October is Pregnancy and Infant Loss Awareness month, and October 15th is Pregnancy and Infant Loss Remembrance Day. This isn’t something I was aware of before experiencing loss myself, but then again, there are many things I wasn’t aware of before going through that experience. Ignorance is bliss, so they say.
I was blissfully ignorant when going into our first pregnancy. I remember being worried about things like gaining weight, giving up wine, finding babysitters and the fact that we’d have to move out of our small 1-bedroom condo that we’d bought just months prior – worries that in hindsight seem so insignificant.
1 in 4 pregnancies end in loss (miscarriage, termination for medical reasons, stillbirth). That’s 1 in 4 pregnancies, not 1 in 4 women. Since many women are pregnant more than once in their lifetime, that makes the odds go up even more.
While it’s an unfortunately a large club, pregnancy loss is a club that no one wants to be part of, but once you are you are SO thankful for the community. There’s a huge sense of shame, guilt and loneliness on top of the grief and sadness for loss parents, and knowing that you’re not alone and that it’s not your fault is so important. For me, the only thing worse than talking about it is NOT talking about it and trying to pretend it didn’t happen. Sure, some people say things that aren’t helpful and it doesn’t make for the most comfortable conversations, I realize that before this I would not have known what to say and I’m still not sure I say the right things, but I do know that the silence is the worst. This is why I’m sharing our story, in memory of her.
We had an early ultrasound after our first prenatal visit for dating purposes and discovered I was 9 weeks pregnant and everything looked perfect. We heard and saw the heartbeat, saw the baby moving around like a little jumping bean. We didn’t do any major announcement, but did start telling some close friends and family at this point, we could hardly contain our excitement!
Our next appointment was our 12 week NT scan the day after Thanksgiving, appropriately called Black Friday. They had us do a routine meeting with a Genetic Counselor before the appointment who explained our options for genetic testing and risk factors and discussed our family histories. I remember just wanting to rush through the meeting, we were young(ish) and healthy and so excited to get out of there and into the ultrasound to see the baby again, little did I know how much time we’d end up spending in that counselor’s office…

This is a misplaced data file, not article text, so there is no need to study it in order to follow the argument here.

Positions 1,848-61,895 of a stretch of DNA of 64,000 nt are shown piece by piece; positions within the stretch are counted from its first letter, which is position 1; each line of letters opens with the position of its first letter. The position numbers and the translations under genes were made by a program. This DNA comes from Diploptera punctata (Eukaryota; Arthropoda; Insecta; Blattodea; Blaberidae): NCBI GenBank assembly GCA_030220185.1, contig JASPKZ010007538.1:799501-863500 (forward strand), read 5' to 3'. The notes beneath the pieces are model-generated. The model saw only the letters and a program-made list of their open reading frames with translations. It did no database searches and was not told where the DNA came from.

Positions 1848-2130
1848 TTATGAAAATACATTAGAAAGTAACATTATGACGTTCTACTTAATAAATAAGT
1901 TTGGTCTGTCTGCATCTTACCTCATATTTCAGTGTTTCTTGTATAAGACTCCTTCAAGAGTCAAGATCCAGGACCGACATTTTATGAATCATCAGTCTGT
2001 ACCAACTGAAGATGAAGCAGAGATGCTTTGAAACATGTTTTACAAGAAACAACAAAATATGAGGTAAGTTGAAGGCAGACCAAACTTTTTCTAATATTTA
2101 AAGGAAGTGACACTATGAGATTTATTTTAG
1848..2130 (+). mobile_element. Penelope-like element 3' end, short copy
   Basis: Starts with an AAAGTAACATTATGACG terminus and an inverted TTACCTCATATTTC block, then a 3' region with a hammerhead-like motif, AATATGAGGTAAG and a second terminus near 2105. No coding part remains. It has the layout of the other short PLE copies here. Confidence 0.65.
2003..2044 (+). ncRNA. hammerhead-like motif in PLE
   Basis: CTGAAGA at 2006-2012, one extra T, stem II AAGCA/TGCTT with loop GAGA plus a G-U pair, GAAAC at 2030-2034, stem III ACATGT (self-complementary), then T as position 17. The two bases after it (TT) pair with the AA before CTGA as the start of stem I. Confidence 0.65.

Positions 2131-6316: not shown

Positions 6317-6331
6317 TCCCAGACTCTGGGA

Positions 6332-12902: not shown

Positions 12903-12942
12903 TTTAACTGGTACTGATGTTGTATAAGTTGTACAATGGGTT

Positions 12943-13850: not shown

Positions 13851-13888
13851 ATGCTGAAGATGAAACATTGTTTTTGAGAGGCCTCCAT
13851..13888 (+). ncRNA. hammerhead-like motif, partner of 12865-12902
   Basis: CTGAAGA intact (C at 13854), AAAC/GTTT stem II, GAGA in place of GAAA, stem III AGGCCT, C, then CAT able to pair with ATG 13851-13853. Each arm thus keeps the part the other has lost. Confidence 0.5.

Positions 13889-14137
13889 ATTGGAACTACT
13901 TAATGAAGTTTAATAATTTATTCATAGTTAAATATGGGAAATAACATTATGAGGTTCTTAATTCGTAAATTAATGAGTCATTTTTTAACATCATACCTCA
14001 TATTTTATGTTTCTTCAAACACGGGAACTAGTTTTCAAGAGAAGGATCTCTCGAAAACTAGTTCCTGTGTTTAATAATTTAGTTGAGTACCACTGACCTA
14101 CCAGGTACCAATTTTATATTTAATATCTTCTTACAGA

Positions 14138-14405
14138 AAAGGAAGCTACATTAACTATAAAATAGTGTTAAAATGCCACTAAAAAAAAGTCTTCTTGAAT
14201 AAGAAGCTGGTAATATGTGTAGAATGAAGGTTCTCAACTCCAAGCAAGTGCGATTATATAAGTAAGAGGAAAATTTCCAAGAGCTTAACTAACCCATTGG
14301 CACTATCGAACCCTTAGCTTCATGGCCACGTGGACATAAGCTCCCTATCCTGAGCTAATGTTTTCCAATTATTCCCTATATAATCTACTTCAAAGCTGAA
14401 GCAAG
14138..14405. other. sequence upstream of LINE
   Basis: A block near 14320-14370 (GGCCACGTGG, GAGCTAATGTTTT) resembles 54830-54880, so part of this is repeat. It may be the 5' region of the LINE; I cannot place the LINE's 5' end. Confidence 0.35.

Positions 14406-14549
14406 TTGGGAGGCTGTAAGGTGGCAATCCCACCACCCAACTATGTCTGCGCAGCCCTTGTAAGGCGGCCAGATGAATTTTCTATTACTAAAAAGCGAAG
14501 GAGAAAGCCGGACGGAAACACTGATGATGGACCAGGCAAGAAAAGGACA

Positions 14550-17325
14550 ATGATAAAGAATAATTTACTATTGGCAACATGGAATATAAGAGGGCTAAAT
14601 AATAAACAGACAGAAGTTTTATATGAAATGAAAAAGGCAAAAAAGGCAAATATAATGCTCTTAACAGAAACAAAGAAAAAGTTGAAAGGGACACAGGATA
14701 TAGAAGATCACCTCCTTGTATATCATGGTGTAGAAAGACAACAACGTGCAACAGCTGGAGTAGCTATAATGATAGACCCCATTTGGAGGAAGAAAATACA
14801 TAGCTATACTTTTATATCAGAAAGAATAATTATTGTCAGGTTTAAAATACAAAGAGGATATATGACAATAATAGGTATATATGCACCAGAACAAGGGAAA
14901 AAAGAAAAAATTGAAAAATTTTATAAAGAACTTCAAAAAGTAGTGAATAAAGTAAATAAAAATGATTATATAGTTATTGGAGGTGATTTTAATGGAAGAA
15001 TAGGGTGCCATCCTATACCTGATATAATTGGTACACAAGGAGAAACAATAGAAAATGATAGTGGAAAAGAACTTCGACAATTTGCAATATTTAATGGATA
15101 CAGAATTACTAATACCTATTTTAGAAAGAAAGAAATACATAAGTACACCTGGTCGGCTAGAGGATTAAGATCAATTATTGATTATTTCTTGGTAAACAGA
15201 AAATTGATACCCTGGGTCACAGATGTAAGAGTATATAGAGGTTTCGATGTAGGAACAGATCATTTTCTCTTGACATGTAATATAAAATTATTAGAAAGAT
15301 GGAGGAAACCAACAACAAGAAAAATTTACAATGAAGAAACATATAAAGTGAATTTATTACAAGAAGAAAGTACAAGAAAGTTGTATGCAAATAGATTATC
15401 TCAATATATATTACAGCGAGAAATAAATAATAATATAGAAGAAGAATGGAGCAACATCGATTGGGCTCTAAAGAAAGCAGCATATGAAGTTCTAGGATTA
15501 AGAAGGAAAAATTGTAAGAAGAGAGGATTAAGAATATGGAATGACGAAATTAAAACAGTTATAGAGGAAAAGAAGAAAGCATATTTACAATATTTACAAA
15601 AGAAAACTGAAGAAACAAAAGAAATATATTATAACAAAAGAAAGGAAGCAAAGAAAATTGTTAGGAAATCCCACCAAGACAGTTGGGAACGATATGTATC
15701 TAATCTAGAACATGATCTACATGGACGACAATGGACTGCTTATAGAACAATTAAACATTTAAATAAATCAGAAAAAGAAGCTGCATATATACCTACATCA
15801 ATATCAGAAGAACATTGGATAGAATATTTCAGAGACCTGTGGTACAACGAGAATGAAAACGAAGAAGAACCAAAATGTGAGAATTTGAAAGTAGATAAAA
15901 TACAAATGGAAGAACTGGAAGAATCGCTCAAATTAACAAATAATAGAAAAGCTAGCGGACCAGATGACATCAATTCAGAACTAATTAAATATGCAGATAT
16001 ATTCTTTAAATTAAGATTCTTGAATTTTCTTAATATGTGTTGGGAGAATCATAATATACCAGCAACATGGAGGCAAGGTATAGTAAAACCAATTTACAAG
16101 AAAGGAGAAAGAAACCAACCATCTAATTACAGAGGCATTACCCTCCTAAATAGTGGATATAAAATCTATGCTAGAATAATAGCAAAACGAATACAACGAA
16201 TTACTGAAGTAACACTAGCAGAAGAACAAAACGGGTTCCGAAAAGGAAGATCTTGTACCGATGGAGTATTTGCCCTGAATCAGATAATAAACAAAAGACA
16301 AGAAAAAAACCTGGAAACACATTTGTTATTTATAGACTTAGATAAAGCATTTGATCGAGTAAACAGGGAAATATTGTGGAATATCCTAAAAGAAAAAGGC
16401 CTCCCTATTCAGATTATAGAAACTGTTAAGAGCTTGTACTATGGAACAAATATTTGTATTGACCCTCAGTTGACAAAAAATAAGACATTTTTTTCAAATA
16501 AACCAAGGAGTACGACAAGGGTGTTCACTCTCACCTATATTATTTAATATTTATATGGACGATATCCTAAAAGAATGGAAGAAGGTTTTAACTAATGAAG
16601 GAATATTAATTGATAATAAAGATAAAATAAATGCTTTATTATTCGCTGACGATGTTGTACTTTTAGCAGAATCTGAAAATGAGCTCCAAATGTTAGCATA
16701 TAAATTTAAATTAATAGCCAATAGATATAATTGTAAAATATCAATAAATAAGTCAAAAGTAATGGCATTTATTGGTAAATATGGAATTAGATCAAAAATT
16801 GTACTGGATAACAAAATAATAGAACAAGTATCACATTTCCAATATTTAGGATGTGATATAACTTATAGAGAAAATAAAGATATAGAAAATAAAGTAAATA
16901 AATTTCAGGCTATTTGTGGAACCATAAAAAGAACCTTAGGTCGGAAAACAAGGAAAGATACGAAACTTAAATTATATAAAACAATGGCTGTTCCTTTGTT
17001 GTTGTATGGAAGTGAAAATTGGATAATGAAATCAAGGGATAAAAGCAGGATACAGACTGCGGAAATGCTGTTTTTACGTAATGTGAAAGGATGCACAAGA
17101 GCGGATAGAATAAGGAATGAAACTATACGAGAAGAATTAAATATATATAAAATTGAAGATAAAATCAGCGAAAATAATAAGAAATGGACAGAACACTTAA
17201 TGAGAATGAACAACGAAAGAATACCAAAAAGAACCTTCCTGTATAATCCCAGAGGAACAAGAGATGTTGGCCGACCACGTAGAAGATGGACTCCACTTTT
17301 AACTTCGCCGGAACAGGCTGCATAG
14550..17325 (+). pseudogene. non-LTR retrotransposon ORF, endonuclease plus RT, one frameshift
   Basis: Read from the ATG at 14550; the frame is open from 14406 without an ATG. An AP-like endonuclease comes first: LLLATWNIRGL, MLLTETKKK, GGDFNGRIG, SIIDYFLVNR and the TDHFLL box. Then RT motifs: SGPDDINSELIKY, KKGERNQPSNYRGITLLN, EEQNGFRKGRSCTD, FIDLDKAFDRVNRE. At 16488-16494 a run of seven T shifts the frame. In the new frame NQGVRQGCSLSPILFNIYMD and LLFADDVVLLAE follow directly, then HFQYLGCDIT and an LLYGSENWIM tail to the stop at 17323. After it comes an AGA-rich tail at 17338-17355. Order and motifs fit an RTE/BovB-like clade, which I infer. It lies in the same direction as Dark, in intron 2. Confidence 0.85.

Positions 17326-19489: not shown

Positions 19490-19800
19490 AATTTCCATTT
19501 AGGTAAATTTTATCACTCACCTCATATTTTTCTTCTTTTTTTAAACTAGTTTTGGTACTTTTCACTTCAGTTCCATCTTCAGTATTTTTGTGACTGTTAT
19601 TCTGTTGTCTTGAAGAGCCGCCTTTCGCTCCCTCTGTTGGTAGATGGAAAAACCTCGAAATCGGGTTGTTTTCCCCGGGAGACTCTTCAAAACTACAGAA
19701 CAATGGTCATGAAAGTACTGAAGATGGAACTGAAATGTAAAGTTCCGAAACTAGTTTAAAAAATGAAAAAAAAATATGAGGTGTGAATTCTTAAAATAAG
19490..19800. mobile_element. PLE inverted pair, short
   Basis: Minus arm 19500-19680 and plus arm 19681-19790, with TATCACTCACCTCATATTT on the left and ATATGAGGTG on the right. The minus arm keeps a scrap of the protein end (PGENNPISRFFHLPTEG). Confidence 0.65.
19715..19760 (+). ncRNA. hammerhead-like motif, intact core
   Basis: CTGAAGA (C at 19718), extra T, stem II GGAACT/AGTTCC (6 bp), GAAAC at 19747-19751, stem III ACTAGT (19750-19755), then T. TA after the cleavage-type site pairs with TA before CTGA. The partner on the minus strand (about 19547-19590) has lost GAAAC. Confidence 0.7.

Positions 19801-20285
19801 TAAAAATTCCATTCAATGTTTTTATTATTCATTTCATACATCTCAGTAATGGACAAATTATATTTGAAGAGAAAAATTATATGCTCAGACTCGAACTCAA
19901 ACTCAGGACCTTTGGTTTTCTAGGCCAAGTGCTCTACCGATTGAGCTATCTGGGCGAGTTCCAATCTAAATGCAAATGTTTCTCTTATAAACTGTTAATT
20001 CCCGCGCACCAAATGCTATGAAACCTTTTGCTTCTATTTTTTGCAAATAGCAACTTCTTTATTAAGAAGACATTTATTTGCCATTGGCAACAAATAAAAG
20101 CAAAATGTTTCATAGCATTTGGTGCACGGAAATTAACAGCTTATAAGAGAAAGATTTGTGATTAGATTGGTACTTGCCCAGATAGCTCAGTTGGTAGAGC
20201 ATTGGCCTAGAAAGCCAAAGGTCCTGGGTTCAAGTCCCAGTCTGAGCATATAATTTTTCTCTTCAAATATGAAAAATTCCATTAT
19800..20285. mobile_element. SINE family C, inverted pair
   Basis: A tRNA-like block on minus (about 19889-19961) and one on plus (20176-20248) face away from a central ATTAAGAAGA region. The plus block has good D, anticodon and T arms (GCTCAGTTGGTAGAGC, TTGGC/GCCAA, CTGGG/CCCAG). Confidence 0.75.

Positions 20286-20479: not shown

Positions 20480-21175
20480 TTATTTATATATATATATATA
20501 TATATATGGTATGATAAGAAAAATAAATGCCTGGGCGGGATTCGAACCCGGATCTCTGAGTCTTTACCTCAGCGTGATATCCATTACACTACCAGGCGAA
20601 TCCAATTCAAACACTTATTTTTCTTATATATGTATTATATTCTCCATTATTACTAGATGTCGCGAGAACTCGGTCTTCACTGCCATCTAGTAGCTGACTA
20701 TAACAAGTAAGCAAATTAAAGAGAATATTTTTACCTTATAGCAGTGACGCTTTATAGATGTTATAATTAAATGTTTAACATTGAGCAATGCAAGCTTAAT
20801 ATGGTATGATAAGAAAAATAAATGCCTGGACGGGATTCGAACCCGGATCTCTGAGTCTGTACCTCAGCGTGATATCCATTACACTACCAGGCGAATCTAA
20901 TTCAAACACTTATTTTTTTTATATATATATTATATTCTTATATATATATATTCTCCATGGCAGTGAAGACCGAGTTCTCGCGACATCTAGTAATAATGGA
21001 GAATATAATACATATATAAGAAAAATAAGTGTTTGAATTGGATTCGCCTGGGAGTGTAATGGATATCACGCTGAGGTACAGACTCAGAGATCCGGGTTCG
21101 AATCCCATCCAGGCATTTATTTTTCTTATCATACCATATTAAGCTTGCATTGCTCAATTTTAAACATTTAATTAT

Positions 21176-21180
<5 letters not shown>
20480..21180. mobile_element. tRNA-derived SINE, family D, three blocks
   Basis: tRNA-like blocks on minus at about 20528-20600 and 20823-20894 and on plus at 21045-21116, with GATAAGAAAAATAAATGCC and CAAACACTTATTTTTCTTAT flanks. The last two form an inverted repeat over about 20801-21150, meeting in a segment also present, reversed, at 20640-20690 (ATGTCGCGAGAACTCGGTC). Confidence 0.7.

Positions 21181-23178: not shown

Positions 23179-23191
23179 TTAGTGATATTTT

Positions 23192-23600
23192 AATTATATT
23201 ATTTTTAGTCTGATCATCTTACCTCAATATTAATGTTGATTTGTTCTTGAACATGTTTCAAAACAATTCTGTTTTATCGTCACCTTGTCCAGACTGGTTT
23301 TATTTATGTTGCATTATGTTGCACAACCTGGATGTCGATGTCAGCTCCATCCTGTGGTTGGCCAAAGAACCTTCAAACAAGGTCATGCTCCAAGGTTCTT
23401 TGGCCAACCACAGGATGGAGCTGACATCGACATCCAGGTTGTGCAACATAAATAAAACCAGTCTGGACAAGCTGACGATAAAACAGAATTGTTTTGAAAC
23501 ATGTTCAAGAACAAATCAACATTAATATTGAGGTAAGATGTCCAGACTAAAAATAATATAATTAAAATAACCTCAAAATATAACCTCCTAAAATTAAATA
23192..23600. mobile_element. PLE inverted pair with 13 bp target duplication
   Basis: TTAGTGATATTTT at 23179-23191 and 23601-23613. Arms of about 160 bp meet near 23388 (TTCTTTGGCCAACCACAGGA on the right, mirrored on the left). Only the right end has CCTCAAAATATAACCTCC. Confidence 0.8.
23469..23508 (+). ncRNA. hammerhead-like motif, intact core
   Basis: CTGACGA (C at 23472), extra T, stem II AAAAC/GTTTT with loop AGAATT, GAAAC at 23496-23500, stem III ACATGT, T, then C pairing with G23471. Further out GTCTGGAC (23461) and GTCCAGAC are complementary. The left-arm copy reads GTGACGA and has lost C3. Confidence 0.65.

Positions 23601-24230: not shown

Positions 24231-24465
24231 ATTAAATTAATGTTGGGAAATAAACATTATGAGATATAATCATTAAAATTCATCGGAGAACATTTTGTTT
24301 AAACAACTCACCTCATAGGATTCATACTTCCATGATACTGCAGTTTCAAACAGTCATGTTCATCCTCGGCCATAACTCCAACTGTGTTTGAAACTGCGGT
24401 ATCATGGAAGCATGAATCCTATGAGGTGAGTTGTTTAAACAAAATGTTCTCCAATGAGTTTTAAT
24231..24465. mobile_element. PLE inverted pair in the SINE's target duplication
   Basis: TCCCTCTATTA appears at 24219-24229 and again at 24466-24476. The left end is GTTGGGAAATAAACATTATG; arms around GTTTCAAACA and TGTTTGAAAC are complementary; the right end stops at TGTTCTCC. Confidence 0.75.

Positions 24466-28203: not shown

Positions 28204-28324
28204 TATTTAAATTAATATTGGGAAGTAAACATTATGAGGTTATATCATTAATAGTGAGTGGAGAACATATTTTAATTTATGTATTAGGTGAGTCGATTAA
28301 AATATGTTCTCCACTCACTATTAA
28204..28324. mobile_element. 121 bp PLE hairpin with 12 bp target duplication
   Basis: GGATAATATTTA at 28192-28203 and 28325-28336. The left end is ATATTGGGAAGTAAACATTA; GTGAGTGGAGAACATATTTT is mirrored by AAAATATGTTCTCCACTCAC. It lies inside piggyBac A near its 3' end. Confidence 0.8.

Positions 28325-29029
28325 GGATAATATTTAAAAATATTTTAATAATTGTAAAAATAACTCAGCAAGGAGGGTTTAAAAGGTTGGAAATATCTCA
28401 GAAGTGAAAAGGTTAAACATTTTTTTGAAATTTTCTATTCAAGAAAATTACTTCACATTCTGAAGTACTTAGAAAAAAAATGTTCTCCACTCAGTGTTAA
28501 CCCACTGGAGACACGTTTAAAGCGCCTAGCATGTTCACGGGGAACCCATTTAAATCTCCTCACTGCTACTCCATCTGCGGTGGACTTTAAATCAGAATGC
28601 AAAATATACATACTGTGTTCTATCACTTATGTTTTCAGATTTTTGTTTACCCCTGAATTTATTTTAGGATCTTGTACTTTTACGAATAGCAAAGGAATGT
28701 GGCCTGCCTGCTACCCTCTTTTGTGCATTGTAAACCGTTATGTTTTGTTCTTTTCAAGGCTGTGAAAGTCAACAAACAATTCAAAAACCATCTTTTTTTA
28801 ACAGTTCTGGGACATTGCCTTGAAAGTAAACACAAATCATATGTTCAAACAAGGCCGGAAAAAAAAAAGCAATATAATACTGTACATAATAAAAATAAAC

Needless to say, this ultrasound did not go as smoothly as the last. The good news was the baby had grown, the heartbeat looked good and the nuchal fold was well within normal range and the baby was still moving around (even waving hello).
The not-so-great news was that the nasal bone was absent – something that they look for as a marker for a chromosomal abnormality. They had me do some blood work and scheduled us for another ultrasound the following week to have another look.
One week later (about 13 weeks pregnant) we went back in and they were still not able to find the nasal bone. We also got bad results from my blood work; I didn’t understand all the numbers, but basically everything that should have been high was low and vice versa. We were offered some options for further testing at that point and we opted for a CVS test. This is similar to an amniocentesis, but they are able to do it earlier in the pregnancy (in my case, at 14 weeks). I understand testing at all is very personal. Some people forgo any testing, but for us, we wanted as much information as quickly as possible.
The CVS test provides quick results for common chromosomal abnormalities like: Trisomy 13, Trisomy 18, Trisomy 21 (Down Syndrome). It also can tell you the sex since it tests for the X/Y chromosomes. I got a call from the Genetic Counselor just a few days after – The test came back negative for any common chromosomal abnormalities and the baby was a girl. This was happy but confusing news, because something was still wrong and now no one had any idea what it was. The next few weeks were a blur. There was talk of constant monitoring, growth issues (IUGR), issues for my health, more testing, all of a sudden all of the ignorant bliss was gone.
And then she was gone.
I had a D&E procedure when I was 16 weeks pregnant. We opted for more testing after, because we still needed and wanted answers and found out our baby had Trisomy 16, potentially confined to the placenta, which would explain why things were going fine until around 12 weeks when the placenta normally takes over. We left the hospital that day with nothing but a tiny footprint, and broken hearts.
Pregnancy and parenting after loss is a whole different blog post that maybe I’ll write about some day. While I hate the saying that “everything happens for a reason” (very high on the list of unhelpful things to say to grieving parents) I do try to focus on some of the good things that came out of this last 3 years: Our beautiful rainbow baby, some serendipitous friendships and so much love. In this moving post blogger Jenny Albers writes “What matters is that there was already a baby who was loved immensely. And love cannot be measured in weeks” and that love certainly cannot be forgotten. Loved and remembered today, and always.